Diagnosis: Skin Cancer

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DECATUR, Ala. (WHNT) - Cancer. It's a word we all fear. It's a  disease that has touched most of us in one way or another. And recently it affected one of our own at WHNT NEWS 19.  Our Beth Jett brings us her personal story entitled "Diagnosis: Skin Cancer".

Beth also has a blog that shares her daily experience battling Skin Cancer.

It's mid-July and lots of people have been to the beach or tanning beds to acquire a healthy-looking summer tan.

Up until this year, that included me too. I loved to be in the sun, but often chose the tanning bed because it was quicker to achieve that flattering glow.

But not this year -- and likely never again -- after a diagnosis of an aggressive form of skin cancer.

I'm sharing my experience to help sun-lovers and others who may get a similar diagnosis be prepared and calm about what may be in their future.

I had it removed on Monday, July 2nd at my dermatologist's office in Decatur.  Dr. Angelo Mancuso began his day of seeing patients with me.  I asked him to explain what I have, which started out as a small sore on my chest that never healed for months.

"It's squamous cell," Mancuso said. "Squamous, but it's incitu, which means it's sitting right on top of the skin. You got the earliest one."   "Oh, that's beautiful," I said to him. "All you gotta do is scrape it," he said.

Mancuso drew pictures for me to explain what the biopsy told him about my suspicious spot.

"Basal cell and squamous cell usually are like a pimple," Mancuso explained of two kinds of cancer. "They usually pop up like pimples. Red.. Red or Pink. Squamous cell is more agressive, squamous cell incitu is not like squamous cell because it's early. I mean, the cure rate is like 99.9 percent. It's like really.. it's the best one to have."

That was a moment of big relief to me, but my thoughts quickly wandered to my father, who battled all three types of skin cancer for decades. Basal, squamous cell and finally melanoma. Dad, too, was frequently in the sun.  So, as I stood there covered in sunspots, I asked Mancuso for another answer I didn't really want to hear.

"What is the connection between what I have and sun exposure?"

Mancuso responded, " Like 99 percent.. 99 percent. That's UVA, UVB exposure."

I confessed I've used the tanning bed year-round for 25 years. In short, Mancuso said my chronic sun exposure set me up for pre-cancers, and the tanning bed gave me pure UVA rays, which penetrate the skin the deepest.  The beds spared me from UVB rays, which cause sunburns, but set me up for something worse.

"So when you do wind up getting a skin cancer, it's usually more agressive because that's penetrating," said Mancuso. "The rays are penetrating the deeper layers of the skin."

That's why I bypassed basal cell, a less aggressive form of skin cancer, and started my journey with a more threatening kind, which he says I'll likely see again.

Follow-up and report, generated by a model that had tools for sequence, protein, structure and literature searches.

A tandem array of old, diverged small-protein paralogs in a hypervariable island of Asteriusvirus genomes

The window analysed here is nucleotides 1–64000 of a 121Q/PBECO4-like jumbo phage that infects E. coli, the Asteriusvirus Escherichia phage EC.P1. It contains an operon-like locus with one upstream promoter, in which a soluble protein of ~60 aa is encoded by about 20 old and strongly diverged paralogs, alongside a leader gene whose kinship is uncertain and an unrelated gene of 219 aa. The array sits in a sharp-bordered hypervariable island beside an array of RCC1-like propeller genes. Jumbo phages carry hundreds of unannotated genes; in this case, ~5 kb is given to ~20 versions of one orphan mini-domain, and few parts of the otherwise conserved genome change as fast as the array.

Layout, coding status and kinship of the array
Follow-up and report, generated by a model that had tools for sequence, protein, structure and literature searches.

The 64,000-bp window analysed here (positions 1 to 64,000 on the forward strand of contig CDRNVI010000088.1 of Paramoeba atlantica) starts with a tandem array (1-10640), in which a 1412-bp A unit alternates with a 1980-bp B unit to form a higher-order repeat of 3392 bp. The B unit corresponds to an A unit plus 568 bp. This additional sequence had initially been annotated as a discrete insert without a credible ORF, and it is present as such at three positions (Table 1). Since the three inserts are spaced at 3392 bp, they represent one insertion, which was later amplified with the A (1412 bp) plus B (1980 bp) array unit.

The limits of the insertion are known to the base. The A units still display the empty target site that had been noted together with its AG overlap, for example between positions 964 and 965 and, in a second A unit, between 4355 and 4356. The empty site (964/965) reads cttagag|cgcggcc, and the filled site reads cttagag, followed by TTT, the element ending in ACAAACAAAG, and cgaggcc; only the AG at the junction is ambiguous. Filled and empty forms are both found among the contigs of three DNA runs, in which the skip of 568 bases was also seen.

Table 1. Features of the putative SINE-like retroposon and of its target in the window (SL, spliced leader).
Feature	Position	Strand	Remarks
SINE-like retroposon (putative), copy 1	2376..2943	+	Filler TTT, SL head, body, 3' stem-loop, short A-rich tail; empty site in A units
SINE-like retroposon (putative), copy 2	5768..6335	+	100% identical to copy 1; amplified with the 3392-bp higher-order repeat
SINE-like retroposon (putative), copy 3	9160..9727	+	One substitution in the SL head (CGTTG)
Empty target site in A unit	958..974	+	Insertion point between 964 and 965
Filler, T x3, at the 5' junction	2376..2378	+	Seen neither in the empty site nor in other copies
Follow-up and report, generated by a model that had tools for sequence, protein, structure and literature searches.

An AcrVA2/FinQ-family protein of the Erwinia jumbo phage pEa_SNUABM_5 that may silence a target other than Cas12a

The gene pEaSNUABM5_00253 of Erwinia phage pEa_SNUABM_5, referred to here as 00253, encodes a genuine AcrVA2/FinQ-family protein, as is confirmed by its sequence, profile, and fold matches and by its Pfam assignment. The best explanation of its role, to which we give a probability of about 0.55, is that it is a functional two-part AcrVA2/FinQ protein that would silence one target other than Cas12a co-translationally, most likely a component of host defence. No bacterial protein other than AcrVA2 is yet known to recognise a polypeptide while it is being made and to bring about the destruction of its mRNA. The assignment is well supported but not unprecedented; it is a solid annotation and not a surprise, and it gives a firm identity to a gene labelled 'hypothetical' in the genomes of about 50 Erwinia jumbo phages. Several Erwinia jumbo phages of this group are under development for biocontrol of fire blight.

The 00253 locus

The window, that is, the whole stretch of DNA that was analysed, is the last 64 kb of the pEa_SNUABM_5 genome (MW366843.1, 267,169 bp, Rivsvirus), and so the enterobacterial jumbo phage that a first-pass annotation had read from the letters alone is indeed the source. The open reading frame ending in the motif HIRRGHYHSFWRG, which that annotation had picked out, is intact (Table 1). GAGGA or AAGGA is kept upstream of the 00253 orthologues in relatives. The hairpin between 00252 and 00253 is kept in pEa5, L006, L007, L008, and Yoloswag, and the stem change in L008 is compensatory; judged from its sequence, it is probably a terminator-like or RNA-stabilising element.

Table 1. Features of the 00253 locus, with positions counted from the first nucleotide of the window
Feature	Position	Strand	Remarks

"You're getting another one," Mancuso said. "Sometimes 30, sometimes 40 percent. Once you've had two skin cancers, then it goes 40 percent and over."

But on July 2nd, Mancuso removed it. The simple office procedure started with shots to numb the area. I felt the first one, but not the other shots. Then, he cut out a wedge, which I didn't feel, to send off to pathology to make sure he got it all, as my husband Jim requested.

"After you scrape it off, how will you know that you got it all or are you going to have to go back and do another biopsy?" Jim asked. "Normally, what happens is this whole layer just kinda peels right off. You have a nice big scab and then when it heals back, it heals back nice and smooth."

Mancuso says it's the check-ups which determine the direction of my journey. But it's not just my journey.  I will bring my family along, whether they like it or not. Skin cancer could ultimately rob my precious two-year-old daughter, Sarah, of her mommy if I don't stay on top of it.

So this time I'm lucky. It could have been melanoma, the deadliest form of skin cancer that shows up black in color. Twenty years ago, Mancuso said, one in 250 people got it. Now, it's much more common.

"It's one in 37 people," said Mancuso. "That's how prevalent it is.

And he says tanning beds are largely responsible, although melanoma and other skin cancers are genetically passed along as well.

About 48 hours after my procedure, the spot is about the size of a dime. It burned a little, but wasn't unbearable and it was healing.

Just as Mancuso predicted, the area scabbed over.

Then, I had to wait for the pathology to know whether we got it all. In the meantime, I scheduled a check-up in August to determine the next step in my journey with skin cancer.

On the day I had my cancer removed, when we left Dr. Mancuso's office, his waiting room was "standing room only" with patients waiting for answers and orders to their skin problems. There's no telling how many of them were there for skin cancer-related issues.

I'm happy to report that on Wednesday, July 11th, I got the phone call from Mancuso's nurse -- the cancer was all gone. He got it all in one procedure. Thank goodness.